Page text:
Frankfurt Quasar Monitoring

3C 273
Object data

  Cross-Identifications   4C +02.32, PG 1226+023, ON+044, 1226+023
  MSH 12+08, NRAO 400, PGC 41121, RBS 1114
  PKS 1226+02, HE 1226+0219, 1ES 1226+023
  RX J1229.1+0203, 2EG J1229+0206, DA 324
  2MASX J12290674+0203083, TXS 1226+023
  1FGL J1229.1+0203, SWIFT J1229.1+0202
  GALEXASC J122906.80+020308.2, CTA 53
  WMAP J1229+0203, IRAS 12265+0219
  Equat. coordinates   RA  12 29 06.7     DE  +02 03 08     (J2000)
  Constellation   Virgo
  Type   QSO
  Distance (2) (3)
  633 Mpc
  Total mag range (mv) (4)   12.0 - 13.2
  Catalog Magnitude (1)   12.85
  Absolute Magnitude (1)   -26.9 MB
  Light Travel-Time (2)   1.918 × 109 yrs
(1) Véron-Cetty & Véron 2006, A&A 455, 776
(2) NASA/IPAC Extragalactic Database
(3) Co-Moving Radial Distance
(4) Literature

Finding chart

Comparison stars

star  B V Rc
A 12.85 11.87 11.30
B 13.17 12.68 12.31
C 13.33 12.69 12.27
D 14.03 12.93 12.34
E 14.12 13.56 13.16
F 16.04 14.94 ---
comparison stars A-E from Smith et al. 1985, AJ, 90, 1184
comparison star F from Penston et al. 1971, PASP, 83, 783

Light curve

The host galaxy and the jet of 3C 273

The jet of 3C 273
Credit: SDSS / Size: 3´× 3´
Credit: Hubble Space Telescope (WFPC2) / MERLIN

Spectrum and Redshift of 3C 273
Credit: Maurice Gavin / Additional labels by S. Karge

3C 273 is the brightest quasar in the heavens, and consequently a very famous object in astrophysics. At a distance of about 2×109 light-years, 3C 273 is located in the far cosmological background of the southern extension of the Virgo galaxy cluster. It is very bright across all wave bands from radio to gamma. Quasar 3C 273 was discovered in 1959 as a radio source by the 3. Cambridge Radio Survey (3C). Since then, this quasar has been cataloged by several other radio surveys (e.g. 4C, PKS, MG). Spectroscopic investigations of the stellar optical counterpart revealed a Seyfert 1-spectrum.
In 1963, Maarten Schmidt first deciphered its spectral redshift.
The position of the quasar spectral lines did not fit with those known from the absorption line pattern of ordinary stars. Schmidt identified the true nature by shifting the emission line pattern to the red end of the spectrum (see image above). In fact, the expansion of the universe shifted the spectral lines by 15.8 per cent (z=0.158).
The host galaxy of 3C 273 is an elliptical
galaxy (see image above). One of the most striking features of 3C:273 is a single jet, emerging from the galactic centre - extending 23" to the SW. Structures and changes inside the jet have been well studied through all wavelengths.

3C 273 is a low amplitude variable object ranging between 12m.0 - 13m.2! No question, 3C 273 is a must for all observers! CCD photometrists, as well as visual observers, shall use the comparison stars given above. Other photometric sequences were published by Doroshenko et al. (2005), Fiorucci et al. (1998), Gonzŕlez-Pérez et al. (2001), Hamuy et al. (1989) and Sutton et al. (1974) - which underlines the high astrophysical interest in this quasar-"star".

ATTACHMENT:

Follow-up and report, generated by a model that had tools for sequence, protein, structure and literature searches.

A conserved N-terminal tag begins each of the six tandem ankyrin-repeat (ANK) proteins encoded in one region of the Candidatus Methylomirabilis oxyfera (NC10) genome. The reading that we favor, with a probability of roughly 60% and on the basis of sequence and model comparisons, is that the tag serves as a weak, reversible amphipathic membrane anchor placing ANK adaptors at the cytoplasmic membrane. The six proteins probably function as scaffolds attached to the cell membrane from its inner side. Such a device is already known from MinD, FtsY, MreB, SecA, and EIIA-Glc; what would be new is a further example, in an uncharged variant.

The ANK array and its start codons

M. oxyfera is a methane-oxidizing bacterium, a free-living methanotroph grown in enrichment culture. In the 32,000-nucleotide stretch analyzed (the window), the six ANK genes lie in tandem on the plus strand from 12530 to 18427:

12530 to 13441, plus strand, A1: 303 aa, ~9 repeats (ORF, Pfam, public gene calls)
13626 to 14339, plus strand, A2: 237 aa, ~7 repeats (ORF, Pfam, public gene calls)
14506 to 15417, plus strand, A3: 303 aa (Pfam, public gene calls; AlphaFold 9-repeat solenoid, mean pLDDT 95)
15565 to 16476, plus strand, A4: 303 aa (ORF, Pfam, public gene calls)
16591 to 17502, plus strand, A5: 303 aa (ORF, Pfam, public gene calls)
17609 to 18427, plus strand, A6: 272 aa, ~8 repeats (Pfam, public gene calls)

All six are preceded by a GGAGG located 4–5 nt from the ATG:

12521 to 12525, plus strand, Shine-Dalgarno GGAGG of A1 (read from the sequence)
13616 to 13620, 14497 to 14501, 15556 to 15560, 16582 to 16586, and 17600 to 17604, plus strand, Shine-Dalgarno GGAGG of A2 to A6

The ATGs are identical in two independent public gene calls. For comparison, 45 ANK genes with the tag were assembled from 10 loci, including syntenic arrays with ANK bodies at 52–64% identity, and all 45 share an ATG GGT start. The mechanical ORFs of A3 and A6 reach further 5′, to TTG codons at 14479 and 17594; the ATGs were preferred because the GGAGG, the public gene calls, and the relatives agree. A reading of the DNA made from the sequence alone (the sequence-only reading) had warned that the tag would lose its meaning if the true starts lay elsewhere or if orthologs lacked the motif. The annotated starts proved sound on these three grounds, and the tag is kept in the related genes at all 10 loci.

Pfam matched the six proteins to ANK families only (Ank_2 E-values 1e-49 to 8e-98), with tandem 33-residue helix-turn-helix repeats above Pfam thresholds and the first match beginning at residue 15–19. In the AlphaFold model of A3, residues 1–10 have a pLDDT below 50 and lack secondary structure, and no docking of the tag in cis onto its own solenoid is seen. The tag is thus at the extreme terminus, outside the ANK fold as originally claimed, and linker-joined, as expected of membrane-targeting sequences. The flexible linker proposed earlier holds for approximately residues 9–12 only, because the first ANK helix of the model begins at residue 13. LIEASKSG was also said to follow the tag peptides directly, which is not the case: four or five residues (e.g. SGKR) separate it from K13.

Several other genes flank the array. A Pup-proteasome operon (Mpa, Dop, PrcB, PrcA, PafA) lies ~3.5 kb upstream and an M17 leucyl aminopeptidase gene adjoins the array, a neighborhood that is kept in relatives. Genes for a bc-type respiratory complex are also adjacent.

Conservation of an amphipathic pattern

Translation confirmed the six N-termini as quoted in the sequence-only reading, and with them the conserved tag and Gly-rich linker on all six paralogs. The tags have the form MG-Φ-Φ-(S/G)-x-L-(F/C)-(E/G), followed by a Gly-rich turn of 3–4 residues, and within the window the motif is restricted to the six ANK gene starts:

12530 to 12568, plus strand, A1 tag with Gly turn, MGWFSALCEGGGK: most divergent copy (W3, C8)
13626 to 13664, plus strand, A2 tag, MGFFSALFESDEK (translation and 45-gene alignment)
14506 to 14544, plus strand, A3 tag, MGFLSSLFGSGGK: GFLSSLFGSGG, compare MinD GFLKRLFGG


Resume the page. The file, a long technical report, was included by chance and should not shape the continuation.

Visual observers need at least a 6-inch telescope to glimpse this famous stellar object in the eyepiece. 3C 273 is the only quasar that found entry into observing handbooks and star charts.


Two bright 11-mag spirals can be found about 1.4° E of 3C 273: NGC 4536 and NGC 4527. Both galaxies are type SBbc-spirals and members of the Virgo galaxy cluster.

Another quasi-stellar object, 14-mag quasar RX J1230.8+0115, can be found only 1° SE of 3C 273.
So when you are around for 3C 
273, why not taking a look at quasar RX J1230.8+0115 as well?

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Boroson, T.A., Green, R.F. 1992, ApJS, 80, 109; The Emission-Line Properties of Low-Redshift Quasi-Stellar Objects.
Corso, G.J., Ringwald, F., Schultz, J. 1988, PASP, 100, 70; Blue-Light Monitoring of 3C 273, 3C 351, 3C 454.3, 3C 66A,
     PKS 2141+17, OJ 287 and ZE 0039.5+04.
Courvoisier, T.J.-L., Robson, E. 1991, Spektrum der Wissenschaften 8/91, 94; Der Quasar 3C 273.
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Grueff, G., Vigotti, M. 1979, A&AS, 35, 371; Optical Identification and 5GHz Flux Measurements of Radiosources
     selected from the B2 Catalogue - V.
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     Infrared Wavelengths: PG 0026+129 and 3C 273.
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     BL Lacertae Objects.
Spevak, J. 1994, Astronomy 7/94, 70; Oh say can you see?
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Villata, M., Raiteri, C.M., et al. 1997, A&AS, 121, 119; Optical Photometric Monitoring of gamma-ray loud Blazars. I.
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     Spectral Energy Distributions and the Emission Lines in Low-Redshift Quasars.
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Landessternwarte Heidelberg

Hamburg Quasar Monitoring


Gary Poyner (light curves -> agn)

Sloan Digital Sky Survey

AAVSO (vsots)

AAVSO observing campaign

Hubble news release archive

3C 273 (Sasmirala, Univ. of Heidelberg)

© 2018-01-11 by Stefan Karge